STEADY AS SHE GROWS 16th January 2002
Peter Freeman - Bulletin
STEADY AS SHE GROWS
Sharemarket uncertainty means investors are better off sticking with solid industrials paying good dividends rather than betting on growth stocks, writes Peter Freeman.
The uncertainty that has dominated Australian and overseas sharemarkets for more than 18 months, resulting in large performance fluctuations, has added significant weight to the view that investors are better served by targeting quality, income-generating shares rather than chasing mainly growth stocks.
For while the sharemarket boom of the late 1990s, especially in the US, delivered big gains for investors, the subsequent correction provided a sharp reminder that paper profits can evaporate quickly. In contrast, shares that pay good dividends, although not immune from a market downturn, at least provide an ongoing return that is real, not just a hope for the future.
Making this point in The Bulletin early last year, Peter Thornhill of Motivated Money cited the slump in technology stocks as a dramatic vindication of this approach. In his view, nothing has happened since then to change his assessment. On the contrary, he says, the fluctuating fortunes of Wall Street in the past six months or so provide further evidence that the average investor who bets on getting a return by picking growth stocks rather than "boring industrials" paying good dividends is making a mistake.
"A high share price can disappear as fast as it appears, often even faster," he says. "This is even true of major companies. Just look at News Corporation, whose price fluctuations are truly amazing."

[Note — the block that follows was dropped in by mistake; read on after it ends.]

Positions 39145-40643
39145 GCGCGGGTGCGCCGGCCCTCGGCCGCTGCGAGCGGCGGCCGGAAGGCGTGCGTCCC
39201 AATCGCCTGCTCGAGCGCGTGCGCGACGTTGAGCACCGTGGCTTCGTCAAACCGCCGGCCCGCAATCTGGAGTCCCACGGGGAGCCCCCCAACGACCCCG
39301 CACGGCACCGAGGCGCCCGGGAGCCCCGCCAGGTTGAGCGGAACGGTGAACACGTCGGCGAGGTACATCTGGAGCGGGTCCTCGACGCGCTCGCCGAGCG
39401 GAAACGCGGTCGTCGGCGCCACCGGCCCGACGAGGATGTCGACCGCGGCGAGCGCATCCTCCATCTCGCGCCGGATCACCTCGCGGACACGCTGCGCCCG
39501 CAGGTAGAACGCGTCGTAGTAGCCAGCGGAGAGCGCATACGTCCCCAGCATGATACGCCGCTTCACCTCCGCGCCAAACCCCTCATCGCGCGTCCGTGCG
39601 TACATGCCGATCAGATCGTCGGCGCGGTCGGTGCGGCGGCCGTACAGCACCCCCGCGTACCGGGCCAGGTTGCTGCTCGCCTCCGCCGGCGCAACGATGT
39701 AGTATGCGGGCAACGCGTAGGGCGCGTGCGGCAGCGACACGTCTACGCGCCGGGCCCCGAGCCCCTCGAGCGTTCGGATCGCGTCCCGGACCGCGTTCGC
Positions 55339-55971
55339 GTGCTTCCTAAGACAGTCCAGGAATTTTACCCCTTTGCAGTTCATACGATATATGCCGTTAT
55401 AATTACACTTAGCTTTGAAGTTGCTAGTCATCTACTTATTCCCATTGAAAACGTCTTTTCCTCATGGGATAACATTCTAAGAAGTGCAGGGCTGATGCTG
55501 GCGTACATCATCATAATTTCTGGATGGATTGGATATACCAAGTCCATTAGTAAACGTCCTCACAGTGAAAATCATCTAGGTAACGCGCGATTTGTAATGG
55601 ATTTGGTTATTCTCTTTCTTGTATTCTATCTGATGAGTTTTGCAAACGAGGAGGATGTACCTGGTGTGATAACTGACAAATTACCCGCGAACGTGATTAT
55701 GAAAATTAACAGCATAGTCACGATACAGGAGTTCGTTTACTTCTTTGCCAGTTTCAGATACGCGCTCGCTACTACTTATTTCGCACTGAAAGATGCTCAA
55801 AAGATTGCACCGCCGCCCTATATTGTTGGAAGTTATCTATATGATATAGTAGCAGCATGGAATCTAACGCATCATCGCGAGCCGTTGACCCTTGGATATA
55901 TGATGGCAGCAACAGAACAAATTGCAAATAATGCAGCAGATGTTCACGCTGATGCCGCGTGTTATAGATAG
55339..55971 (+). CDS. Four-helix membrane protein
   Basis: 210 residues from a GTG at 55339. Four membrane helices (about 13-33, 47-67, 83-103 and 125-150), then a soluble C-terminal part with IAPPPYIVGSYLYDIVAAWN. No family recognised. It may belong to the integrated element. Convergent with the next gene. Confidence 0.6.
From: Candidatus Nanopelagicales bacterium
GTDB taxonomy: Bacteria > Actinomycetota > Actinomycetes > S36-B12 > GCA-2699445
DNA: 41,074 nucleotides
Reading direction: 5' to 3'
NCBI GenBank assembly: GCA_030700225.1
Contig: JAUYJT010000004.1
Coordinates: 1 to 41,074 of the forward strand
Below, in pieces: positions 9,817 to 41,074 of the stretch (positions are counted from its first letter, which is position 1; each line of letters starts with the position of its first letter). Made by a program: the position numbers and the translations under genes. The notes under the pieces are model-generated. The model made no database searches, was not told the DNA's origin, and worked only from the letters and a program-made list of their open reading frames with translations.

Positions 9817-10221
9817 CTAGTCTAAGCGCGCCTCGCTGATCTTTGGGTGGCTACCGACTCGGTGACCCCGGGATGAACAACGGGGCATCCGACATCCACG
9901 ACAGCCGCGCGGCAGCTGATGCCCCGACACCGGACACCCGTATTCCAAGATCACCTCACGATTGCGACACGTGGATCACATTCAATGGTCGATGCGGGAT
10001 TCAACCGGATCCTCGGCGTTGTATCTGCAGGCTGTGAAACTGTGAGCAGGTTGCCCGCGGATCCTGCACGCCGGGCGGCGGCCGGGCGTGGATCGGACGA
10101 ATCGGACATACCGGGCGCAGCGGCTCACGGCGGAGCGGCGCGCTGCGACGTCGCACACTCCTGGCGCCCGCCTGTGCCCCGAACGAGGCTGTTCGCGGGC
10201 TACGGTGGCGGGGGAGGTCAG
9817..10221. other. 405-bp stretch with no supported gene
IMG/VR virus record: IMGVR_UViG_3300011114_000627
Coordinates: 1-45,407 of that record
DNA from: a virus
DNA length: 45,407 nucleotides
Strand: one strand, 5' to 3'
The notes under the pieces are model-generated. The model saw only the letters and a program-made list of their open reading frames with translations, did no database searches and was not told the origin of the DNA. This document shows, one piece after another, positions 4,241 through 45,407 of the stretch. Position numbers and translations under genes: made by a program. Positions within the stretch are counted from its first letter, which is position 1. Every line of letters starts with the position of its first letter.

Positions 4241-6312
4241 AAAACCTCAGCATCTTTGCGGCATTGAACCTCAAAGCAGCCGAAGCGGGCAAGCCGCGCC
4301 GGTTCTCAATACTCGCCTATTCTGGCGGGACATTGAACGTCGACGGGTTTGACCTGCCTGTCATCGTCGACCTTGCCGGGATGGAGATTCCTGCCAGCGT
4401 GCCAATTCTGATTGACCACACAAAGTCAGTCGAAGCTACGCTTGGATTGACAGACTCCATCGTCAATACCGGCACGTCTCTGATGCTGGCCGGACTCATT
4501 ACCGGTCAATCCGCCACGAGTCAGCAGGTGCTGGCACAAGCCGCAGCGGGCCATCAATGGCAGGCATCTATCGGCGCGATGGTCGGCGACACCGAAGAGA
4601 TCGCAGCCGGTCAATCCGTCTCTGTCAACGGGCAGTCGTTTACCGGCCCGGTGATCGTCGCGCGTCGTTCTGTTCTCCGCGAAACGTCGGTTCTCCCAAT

Thornhill's original comments were made in the context of continuing claims that Australia's new capital gains tax system, which taxes only half of any gain provided the asset has been held for a year, would see companies and their shareholders shift away from a concern with chasing dividends.
Instead, the argument ran, many more companies would retain the bulk of their earnings to fund growth, with the result that their payout ratios would fall and dividends would stagnate. After all, with gains treated so favourably from a tax perspective, a shift in corporate strategy to emulate the US pattern, where about 70% of corporate profits are retained to fund expansion, seemed like a logical development.
However the reality hasn't borne out this prediction, with most established industrial companies in Australia continuing to maintain their payout ratios, in the process lifting their dividends. One reason has no doubt been the more sober outlook for growth as the US economy first slowed then slipped into recession. Another, more enduring factor, has been the operation of Australia's dividend imputation system, a point stressed by Anton Tagliafero, head of investments at boutique fund manager Investors Mutual.
"Imputation is a very powerful reason for local companies to continue to pay good dividends, and for investors to target them," he says. "These are usually the companies that have good, soundly based businesses and that have a proven track record of being able to increase their dividends steadily."
Tagliafero rejects the claim that capital gains tax concessions will eventually result in companies and investors putting less emphasis on dividends. He points out that not only are dividends highly tax-effective but that companies generating good dividends that are sustainable are often also the ones that produce the best total return once both dividends and share price growth are combined.
He says the uncertain investment environment means targeting these types of stocks makes even more sense than usual. In his view, the risks associated with growth stocks in the coming year are quite a bit higher than buying industrial companies generating solids dividends that carry good imputation benefits.